You’re welcome, Bill. I’m happy you found it valuable. That’s a great observation on your side as well, getting the right fit makes all the difference, especially if you’re riding long distances. I’m sure there are many people out there who are familiar with your experience, including me. 🙂

  • Carole Lindner says:

    Hi Jeff,

    Thanks for all the charts and various ways to measure. A question though…

    Like me, my son is “long-waisted and short-legged”. So, even though he is ~ 5/10″, his inseam is ~24″. We are shopping for an e-bike, to assist with his college commute. He hasn’t ridden a bike in many years, so we are hoping for a very positive experience – starting with a good “fit”. Any observations would be welcome. Thanks. (Trying to go via ebay, so we can spread out the payments with a paypal credit situation. That’s why we’re trying to skip going to shops).

    Regards,

    Carole

    • Jeff Balton says:

      Hi Carole, long-waisted with short legs is much easier to fit than the other way around. You should just choose the standard bike size relative to your son’s height and adjust the saddle height as needed. Since your son is 5’10”, you should go for a 17/18″ or a 54/55cm frame. Good luck! 🙂

  • Azra says:

    Hi i am 152cm tall women
    What size of cycle will be good for me if i go with wheel size??
    Thanks

  • Harjeet says:

    I planning buy an Aero bike.I’m 5feet 9 inches.

  • lisa Snowden says:

    Hi there,🙈 I’m only 5ft in height and looking for bike ? I think my legs length is 29- 30 I think .
    My hubby got my lovely pink Trax bike but unfortunately my tiptoes just touch floor . Gutted because I think the frame is to big, please cud u help ? Many thank yous

    • Jeff Balton says:

      Hey Lisa, when you’re sitting flat on the saddle, your tip toes should, in fact, barely be able to touch the ground. However, if your saddle needs to be in the lowest position for that to happen, you should probably get a smaller size. For you, the ideal size would be 14″. 🙂

  • Cliff says:

    I am 6′ 3″ with an inseam of 34″ I want to buy a Trek Domane (geometry chart here: https://www.dropbox.com/s/475wrqw8n9elsz3/Geometry.png?dl=0)

    It seems to me that since my inseam is short for my height, my upper body is therefore long and I would need a relatively large frame (leading me to think I need a 62cm). Would you agree?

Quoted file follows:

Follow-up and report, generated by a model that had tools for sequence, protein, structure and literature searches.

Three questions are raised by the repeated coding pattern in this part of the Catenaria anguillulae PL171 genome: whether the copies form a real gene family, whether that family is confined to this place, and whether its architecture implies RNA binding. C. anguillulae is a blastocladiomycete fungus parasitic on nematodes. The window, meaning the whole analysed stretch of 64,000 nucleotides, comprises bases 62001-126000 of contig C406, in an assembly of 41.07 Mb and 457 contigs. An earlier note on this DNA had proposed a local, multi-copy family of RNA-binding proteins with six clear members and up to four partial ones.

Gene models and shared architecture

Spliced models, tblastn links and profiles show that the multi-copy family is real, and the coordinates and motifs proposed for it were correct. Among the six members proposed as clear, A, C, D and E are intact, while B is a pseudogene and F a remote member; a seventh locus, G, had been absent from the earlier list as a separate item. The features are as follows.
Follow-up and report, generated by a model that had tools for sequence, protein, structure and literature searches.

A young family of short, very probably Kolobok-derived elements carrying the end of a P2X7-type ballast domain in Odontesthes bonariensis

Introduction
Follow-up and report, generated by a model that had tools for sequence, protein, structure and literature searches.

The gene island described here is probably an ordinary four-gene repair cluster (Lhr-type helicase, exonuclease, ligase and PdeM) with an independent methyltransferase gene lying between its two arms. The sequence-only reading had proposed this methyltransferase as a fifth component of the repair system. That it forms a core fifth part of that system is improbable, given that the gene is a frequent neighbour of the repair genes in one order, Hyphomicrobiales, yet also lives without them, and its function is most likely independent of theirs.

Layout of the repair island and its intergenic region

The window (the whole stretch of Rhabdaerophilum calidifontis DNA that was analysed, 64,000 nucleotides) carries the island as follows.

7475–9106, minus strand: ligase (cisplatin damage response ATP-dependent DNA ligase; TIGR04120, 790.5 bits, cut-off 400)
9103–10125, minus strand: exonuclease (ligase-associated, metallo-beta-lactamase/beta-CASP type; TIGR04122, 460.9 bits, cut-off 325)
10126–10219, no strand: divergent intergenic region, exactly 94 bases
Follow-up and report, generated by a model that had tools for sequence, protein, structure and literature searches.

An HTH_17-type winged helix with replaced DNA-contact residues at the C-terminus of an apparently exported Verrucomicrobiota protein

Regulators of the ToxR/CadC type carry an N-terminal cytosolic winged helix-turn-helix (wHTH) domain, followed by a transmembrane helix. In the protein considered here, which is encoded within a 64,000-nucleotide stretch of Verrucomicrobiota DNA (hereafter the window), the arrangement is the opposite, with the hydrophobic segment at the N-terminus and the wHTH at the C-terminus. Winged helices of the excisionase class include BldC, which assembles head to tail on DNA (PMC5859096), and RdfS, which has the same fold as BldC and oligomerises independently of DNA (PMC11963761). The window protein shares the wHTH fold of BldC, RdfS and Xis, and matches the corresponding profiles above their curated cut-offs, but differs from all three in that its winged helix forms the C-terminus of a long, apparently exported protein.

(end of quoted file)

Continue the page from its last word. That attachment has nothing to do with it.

• Jeff Balton says:

      Hi Cliff, I think a 62cm frame would be an overkill for your height, even though your torso might be proportionally bigger. A smaller frame would be better in my opinion.

  • Tushar says:

    Hi Jeff I am 6 feet tall and looking for a city bike what size should I buy L,XL
    Please mention frame size and wheel size.thanks a lot in advance

    • Jeff Balton says:

      Hey Tushar, the ideal city bike for you should have 700c wheels and a 17″/56cm frame. Enjoy your rides!

  • Beth Harper says:

    Hi, my husband is trying to find the correct size after ordering 2 different bike styles.
    He is 6’2” and weighs 230 lbs. We are thinking he wants a mountain bike.
    What size should we purchase?

    • Jeff Balton says:

      Hi Beth, your husband should look at bikes with an 18″ or 19″ frame if he is planning to buy a mountain bike. 🙂

  • Cynthia Wegner says:

    I have the hardest time fitting a bike. I am a woman, 5’11’ and have extra-extra long legs with a short torso. My inseam is 33″. My waist is short. Problem I face is that the seat has to be high and then the handle bars are too far away so basically I am bent forward way too much and this hurts my neck. I want a urban/city bike but NOT super low or high handles. I see so many bikes where the seat is horizontally at the same height as the handle bars and I don’t like this. How can I choose the right fit?

    • Jeff Balton says:

      Hey Cynthia, people with long legs/short torso generally have the hardest time to find a proper bike size. Ideally, you should choose your bike size according to your torso length and not your overall height as you can easily raise the saddle. If you do not care too much about the appearance, you should consider some comfort bikes. They usually have saddles lower than usual, so it will give you some room for adjustment.

  • Connie says:

    What about the handle bar height? I have the right size bike according to the chart, saddle is adjusted for leg length and comfortable, but I get a lot of pressure on heels of my hands while riding. Wondering if the handle bar is to low or needs adjusting?

    • Jeff Balton says:

      Hey Connie, if possible, try raising the height of the handlebar. If not, perhaps you need to push the saddle back/forward a bit and see if that changes anything for you.

  • Kira says:

    Im ten, and will a 26″ fit me? im 4ft 7 in. Or will 20″ and 24″ have to do?

    • Jeff Balton says: